The twofold liberation of the subconscious and of the oneiric domain leads to a third: the unchaining of the imagination. The Surrealists are the faithful heirs of Baudelaire and Rimbaud and, beyond them, of Coleridge, Blake, Novalis, and Achim von Arnim. They have enthroned the “magical and synthetic power” as the goddess of their works; and to them, as to the English Romantics, the “ renascence of wonder” became the highest achievement of the poet, recapturing the gifts of childhood in adult life.

Through an apparently spontaneous flow of images, Surrealism thaws the crust of blunted perceptions and of deductive reasoning which separates us from our deepest life and from the remnants of childhood buried in our subconscious. It maps out whole archipelagoes long submerged in a sea of dulled habit. It plunges below our intellectual vision of the world and beyond our sensory data; it seems to “see into the life of things” and to forge new and closer links between ourselves and socalled inanimate objects. The normal translation of those uncharted lands into which Blake and Rimbaud had ventured is effected through a new metaphoric langauge. One of the chief claims to greatness of Surrealist poetry lies, in our opinion, in its imagery. That poetry has replenished the threadbare stock of metaphors by which Hugo’s successors and French Symbolists had long been content to live. Reverdy, a poet whom the Surrealists have always respected even though he did not join their ranks, wrote:

An image is a pure creation of the mind. . . It springs from the linking of two realities more or less distant. The more unexpected and just the relations between the two realities thus linked are, the more powerful the image, the greater its emotive force and its poetical truth.

The poetry of Breton and Eluard—and even that of minor figures like Tzara and Hugnet— abounds in rare and fresh images which seem to create the object anew for our blunted senses and to allow a dreamworld to glide gently into our consciousness, first shaken, then voluptuously lulled, by the discontinuous flow of Surrealist metaphors.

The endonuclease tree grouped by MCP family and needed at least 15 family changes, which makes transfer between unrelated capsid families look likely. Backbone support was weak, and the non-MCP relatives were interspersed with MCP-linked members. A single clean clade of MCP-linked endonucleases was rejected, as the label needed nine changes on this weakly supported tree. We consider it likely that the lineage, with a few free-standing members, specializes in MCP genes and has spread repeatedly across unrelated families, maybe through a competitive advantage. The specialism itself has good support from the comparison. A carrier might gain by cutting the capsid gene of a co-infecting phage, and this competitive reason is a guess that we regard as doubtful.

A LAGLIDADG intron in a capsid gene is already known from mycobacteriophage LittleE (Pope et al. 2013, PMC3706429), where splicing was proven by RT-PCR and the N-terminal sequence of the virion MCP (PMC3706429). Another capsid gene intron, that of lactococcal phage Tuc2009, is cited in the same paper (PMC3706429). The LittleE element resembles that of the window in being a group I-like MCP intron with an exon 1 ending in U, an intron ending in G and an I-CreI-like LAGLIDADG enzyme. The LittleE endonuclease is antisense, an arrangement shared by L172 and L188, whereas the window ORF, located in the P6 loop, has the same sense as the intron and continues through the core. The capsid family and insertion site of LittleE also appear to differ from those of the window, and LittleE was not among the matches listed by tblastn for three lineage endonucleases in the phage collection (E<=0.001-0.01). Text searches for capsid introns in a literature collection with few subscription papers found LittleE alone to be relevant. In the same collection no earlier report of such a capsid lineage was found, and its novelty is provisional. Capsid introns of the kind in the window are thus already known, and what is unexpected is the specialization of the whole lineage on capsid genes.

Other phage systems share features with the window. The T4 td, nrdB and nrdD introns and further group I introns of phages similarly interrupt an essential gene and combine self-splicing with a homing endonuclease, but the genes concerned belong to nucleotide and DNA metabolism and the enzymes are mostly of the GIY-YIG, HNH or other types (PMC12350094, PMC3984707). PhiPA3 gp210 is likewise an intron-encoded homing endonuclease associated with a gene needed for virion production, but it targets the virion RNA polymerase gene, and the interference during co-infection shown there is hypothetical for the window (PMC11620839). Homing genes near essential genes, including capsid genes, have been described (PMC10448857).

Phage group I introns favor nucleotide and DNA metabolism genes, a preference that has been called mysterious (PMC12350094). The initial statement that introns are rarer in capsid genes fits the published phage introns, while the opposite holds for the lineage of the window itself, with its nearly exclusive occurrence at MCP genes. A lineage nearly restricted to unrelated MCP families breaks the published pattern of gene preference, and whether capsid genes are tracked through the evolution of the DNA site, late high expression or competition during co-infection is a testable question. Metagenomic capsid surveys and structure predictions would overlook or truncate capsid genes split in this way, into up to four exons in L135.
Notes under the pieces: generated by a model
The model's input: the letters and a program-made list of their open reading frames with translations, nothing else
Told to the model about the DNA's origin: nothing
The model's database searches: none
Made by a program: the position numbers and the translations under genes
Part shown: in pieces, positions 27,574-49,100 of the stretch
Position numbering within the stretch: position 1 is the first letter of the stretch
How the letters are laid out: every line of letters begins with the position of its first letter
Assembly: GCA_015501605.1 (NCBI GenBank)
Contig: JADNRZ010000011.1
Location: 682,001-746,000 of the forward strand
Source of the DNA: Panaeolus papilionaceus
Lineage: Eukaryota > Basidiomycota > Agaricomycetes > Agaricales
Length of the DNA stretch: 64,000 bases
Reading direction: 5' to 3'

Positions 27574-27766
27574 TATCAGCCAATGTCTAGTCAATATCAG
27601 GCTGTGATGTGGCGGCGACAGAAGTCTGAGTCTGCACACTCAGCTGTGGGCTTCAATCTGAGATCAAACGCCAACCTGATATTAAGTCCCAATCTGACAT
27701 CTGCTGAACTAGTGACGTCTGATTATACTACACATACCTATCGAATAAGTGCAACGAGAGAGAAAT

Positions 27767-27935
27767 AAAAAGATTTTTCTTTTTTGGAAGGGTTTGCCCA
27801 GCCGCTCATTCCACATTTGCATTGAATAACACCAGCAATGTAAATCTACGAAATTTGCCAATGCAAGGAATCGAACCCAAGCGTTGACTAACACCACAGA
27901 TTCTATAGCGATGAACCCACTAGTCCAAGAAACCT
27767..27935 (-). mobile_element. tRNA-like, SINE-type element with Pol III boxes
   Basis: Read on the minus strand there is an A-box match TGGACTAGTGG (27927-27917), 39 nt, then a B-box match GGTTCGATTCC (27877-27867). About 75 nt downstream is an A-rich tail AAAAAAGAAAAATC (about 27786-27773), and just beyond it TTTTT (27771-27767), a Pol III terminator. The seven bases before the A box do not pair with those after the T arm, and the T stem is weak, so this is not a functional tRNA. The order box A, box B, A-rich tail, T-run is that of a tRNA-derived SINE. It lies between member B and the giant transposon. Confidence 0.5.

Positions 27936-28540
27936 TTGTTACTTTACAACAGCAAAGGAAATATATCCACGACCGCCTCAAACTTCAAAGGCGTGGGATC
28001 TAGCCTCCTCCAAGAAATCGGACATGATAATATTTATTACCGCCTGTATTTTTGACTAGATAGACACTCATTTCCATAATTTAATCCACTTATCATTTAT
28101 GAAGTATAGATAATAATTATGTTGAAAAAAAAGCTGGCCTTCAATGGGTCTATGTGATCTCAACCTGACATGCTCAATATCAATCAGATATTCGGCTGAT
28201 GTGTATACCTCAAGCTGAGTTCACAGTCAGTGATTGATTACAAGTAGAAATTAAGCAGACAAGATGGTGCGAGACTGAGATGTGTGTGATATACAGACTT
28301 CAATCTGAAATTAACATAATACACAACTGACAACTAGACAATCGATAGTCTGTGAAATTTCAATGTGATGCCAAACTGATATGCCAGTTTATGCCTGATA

The Surrealists’ endeavor to bring about a total renewal of the very mainsprings of literature has nowhere proved more courageous, and more startlingly successful, than in their treatment of love.

Love between man and woman had almost disappeared from literature after 1920. It happened that the leading figures of that literary era—Proust, Gide, Cocteau, and even Montherlant and Julien Green—were only slightly interested in heterosexual relations or in the “promotion of woman,” as sociologists were pleased to call it. The war had, moreover, created many causes of friction or of misunderstanding between the sexes, and the “virile fraternity,” cherished by Malraux and Saint- Exupéry, appeared nobler to many former or future soldiers than any sentimental and intellectual union with women, with whom young men often felt out of tune. An affectation of brutality and of cynicism had replaced the former rhetorical delusions of romantic love. Women, by winning new rights and meeting men on an equal footing in many a profession, seemed to have waived their former privilege as inspirers of artists and of poets.

Surrealism rehabilitated woman and love poetry in our midst. It would be naive to present the Surrealists as Platonic worshippers of spiritual beauty, or as hypocritical enough to conceal eroticism behind romantic adoration. They had read Sade even more than Musset. There is more Petrarchist inspiration, in Eluard especially, than there is Platonism. Yet they have ceased to exile woman from poetry, as Rimbaud and his followers had attempted to do, or to worship and abuse her alternately as a vessel for all the treacheries of Satan, in Baudelarian fashion. Aragon’s war poetry, more faithful to the Surrealist creed than his former friends were willing to acknowledge, sang the most rapturous hymns chanted to woman since the Romantics. Eluard may well rank among the three or four supreme love poets in the French language. His theme is a continuous transfiguration of woman in her body and in her mysterious and dreamy charm.

Toute tiède encore du linge annulè
Tu fermes les yeux et tu boules
Comme bouge un chant qui naît
Vaguement mais de partout

Odorante et savoureuse
Tu dépasses sans te perdre
Les frontières de ton corps

Tu as enjambé le temps
Te voici femme nouvelle
Révélée à l’infini.
(Une Longue Pensée amoureuse)

Breton’s love poetry does not rise to such felicitousness of musical language, but one of his finest prose works, L’Amour fou, is devoted to a triumphant exaltation of love as the great constructive force. He does not indulge in any such mysticism of the flesh as do intoxicated Puritans like D. H. Lawrence and inverted woman-haters like Henry Miller. But he rarely chides men for stupidly despairing of love, for imagining, once their youth is over, that love lies behind them, in their brief adolescent years, while it is there “waiting for them, in front of them.” Desire, or Eros, the old Hesiodic name of the earliest of the gods, must be emancipated and become the level which will achieve men’s imaginative liberation from the mechanical forces which have made him a willing slave to tyranny and to war.